On August 10, 1981, Manuel Torres was found stabbed to death in the kitchen of his Las Vegas, Nevada apartment. His home had been burglarized and his truck was stolen. The next day, following a tip, police found Torres’s truck in an alley off the city’s main casino strip. A man named Fernando Cabrera was nearby, and was taken into custody. He had Torres’s ring and watch in his pocket, and what appeared to be bloodstains on his pants. His fingerprints were also found inside the truck. Cabrera at first denied knowledge of Torres’s murder, but then said that he went to Torres’s apartment with an acquaintance, Roberto Miranda, where Miranda killed Torres during a drug deal. In a search of Torres’s apartment, police found a shard of glass with Miranda’s fingerprint on it. They arrested Miranda shortly thereafter.
Miranda’s defense attorney recommended that he accept a plea bargain that would have carried a 10-year sentence, but Miranda refused, insisting that he was innocent. His attorney was a novice who put very little work into the case. Miranda had named six witnesses whose testimony he said would prove his innocence, but his attorney did not make contact with any of them, and he discouraged Miranda from testifying in his own defense. He also failed to object to several improper statements made by the prosecutor. Cabrera was the key witness for the prosecution, and the shard of glass from Torres’s sink was introduced as physical evidence.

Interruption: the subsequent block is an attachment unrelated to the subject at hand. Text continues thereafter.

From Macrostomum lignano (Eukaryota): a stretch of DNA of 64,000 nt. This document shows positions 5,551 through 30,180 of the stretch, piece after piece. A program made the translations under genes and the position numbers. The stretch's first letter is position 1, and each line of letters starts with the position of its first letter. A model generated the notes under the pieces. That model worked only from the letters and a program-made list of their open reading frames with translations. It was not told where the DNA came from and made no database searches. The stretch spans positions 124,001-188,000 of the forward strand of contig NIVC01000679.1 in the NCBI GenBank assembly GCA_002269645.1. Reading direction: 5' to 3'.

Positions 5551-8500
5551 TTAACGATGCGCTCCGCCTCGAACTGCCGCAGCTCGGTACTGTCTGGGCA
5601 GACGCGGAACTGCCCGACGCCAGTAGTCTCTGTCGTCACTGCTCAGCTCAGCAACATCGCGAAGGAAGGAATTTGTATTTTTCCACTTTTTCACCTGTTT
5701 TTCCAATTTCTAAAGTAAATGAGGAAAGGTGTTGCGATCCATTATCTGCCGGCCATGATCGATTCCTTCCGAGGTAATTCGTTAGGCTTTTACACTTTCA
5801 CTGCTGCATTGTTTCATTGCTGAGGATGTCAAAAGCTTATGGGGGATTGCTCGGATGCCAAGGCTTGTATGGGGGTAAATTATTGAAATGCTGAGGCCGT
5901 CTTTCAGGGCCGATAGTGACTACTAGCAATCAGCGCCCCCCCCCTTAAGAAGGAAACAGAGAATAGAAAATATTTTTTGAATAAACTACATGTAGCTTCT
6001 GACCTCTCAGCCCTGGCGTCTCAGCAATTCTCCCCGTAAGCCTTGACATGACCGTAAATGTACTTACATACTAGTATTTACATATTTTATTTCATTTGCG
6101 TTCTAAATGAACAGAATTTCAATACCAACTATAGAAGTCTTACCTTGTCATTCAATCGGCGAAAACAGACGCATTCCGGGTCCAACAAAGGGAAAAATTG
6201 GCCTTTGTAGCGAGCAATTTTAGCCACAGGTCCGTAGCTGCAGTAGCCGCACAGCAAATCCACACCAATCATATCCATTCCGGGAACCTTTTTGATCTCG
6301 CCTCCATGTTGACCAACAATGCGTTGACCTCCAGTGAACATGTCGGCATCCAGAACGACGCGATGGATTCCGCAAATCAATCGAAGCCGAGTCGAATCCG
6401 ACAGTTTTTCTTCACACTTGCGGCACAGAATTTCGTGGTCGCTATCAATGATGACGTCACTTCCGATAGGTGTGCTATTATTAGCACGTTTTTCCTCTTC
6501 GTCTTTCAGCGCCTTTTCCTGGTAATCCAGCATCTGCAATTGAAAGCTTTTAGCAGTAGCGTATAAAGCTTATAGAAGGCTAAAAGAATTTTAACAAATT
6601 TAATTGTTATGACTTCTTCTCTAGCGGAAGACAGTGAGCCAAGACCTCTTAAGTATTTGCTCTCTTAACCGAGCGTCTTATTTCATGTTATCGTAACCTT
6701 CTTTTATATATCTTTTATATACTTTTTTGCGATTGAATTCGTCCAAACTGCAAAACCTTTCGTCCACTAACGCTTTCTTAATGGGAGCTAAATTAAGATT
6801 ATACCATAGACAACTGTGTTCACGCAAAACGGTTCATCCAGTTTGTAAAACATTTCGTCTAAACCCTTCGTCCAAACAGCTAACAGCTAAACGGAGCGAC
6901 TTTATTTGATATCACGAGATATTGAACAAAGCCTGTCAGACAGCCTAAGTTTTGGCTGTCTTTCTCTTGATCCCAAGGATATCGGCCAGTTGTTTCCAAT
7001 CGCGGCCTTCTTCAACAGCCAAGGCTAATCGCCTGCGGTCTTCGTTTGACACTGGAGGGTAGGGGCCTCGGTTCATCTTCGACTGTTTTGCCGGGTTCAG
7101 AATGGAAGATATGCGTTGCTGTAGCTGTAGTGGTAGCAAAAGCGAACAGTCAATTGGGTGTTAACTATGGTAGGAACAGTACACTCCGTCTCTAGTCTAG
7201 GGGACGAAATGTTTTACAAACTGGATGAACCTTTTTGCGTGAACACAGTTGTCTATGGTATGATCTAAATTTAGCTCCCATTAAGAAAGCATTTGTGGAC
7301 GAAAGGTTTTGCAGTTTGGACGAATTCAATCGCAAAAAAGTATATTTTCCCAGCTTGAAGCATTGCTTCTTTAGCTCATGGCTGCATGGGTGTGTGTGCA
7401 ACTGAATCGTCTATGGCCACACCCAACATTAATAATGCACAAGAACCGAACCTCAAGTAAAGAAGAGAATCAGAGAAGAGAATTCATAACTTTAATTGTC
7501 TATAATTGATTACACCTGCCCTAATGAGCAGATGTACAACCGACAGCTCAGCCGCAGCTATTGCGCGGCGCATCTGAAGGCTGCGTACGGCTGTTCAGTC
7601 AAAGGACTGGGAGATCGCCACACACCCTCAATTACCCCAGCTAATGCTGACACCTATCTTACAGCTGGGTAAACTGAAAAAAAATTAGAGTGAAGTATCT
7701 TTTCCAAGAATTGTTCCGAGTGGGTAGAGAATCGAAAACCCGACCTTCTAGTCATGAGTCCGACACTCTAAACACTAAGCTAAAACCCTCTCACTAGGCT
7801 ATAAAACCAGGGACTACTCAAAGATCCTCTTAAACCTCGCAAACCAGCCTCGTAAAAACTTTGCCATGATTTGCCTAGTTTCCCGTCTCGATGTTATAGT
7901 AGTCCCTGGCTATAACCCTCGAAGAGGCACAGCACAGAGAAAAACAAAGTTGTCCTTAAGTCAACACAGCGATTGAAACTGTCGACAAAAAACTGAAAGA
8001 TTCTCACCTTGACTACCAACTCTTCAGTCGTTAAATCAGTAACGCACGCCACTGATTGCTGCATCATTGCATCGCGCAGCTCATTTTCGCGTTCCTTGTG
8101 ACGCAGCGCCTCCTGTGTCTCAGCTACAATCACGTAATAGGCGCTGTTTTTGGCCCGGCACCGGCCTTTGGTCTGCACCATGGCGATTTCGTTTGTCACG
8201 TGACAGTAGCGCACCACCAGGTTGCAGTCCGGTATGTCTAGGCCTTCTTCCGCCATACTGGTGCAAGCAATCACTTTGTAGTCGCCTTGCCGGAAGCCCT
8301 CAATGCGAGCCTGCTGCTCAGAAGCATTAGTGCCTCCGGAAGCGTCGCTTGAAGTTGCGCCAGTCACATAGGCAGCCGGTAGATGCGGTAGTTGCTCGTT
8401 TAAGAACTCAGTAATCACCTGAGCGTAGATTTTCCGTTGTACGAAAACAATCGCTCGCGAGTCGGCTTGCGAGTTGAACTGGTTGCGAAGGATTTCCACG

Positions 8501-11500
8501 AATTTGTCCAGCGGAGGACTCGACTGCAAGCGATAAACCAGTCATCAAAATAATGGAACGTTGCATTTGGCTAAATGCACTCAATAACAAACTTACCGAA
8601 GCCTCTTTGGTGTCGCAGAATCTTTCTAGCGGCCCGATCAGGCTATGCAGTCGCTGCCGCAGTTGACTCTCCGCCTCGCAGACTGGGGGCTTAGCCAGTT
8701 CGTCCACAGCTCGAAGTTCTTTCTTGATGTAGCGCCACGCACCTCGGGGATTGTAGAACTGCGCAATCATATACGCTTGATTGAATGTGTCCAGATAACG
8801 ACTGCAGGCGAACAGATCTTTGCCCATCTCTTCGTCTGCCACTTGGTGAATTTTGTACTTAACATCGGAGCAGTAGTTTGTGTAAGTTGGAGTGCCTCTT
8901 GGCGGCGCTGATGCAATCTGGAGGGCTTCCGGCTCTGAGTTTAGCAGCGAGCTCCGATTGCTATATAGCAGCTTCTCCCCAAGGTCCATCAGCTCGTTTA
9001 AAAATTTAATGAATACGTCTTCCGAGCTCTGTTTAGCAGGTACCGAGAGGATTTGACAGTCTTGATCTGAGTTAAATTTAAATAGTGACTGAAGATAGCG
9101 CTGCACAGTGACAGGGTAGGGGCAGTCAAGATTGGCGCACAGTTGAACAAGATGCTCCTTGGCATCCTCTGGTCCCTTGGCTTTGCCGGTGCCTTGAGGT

On August 19, 1982, Miranda was convicted of first-degree murder, robbery, and grand larceny. Two weeks later, he was sentenced to death. Over the next several years, he filed three appeals, all of which were rejected.
In 1991, attorney Laura Fitzsimmons took over the defense, and uncovered new evidence of Miranda’s innocence. Fitzsimmons interviewed five of the six witnesses originally named by Miranda, including a former girlfriend of Cabrera’s who said that Cabrera and Miranda had fought for her affections, and that Cabrera had threatened Miranda. Fitzsimmons filed a petition for a writ of habeas corpus with the Clark County District Court, and in a ruling issued in January 1996, the judge granted the writ, stating that “the lack of pretrial investigation and preparation by trial counsel cannot be justified.” On September 3, 1996, the district attorney announced that he would not retry the case. The case was dismissed, and Miranda was released. He later sued the county, two homicide detectives, and the public defender's office, and received a $5 million settlement.
- Alexandra Gross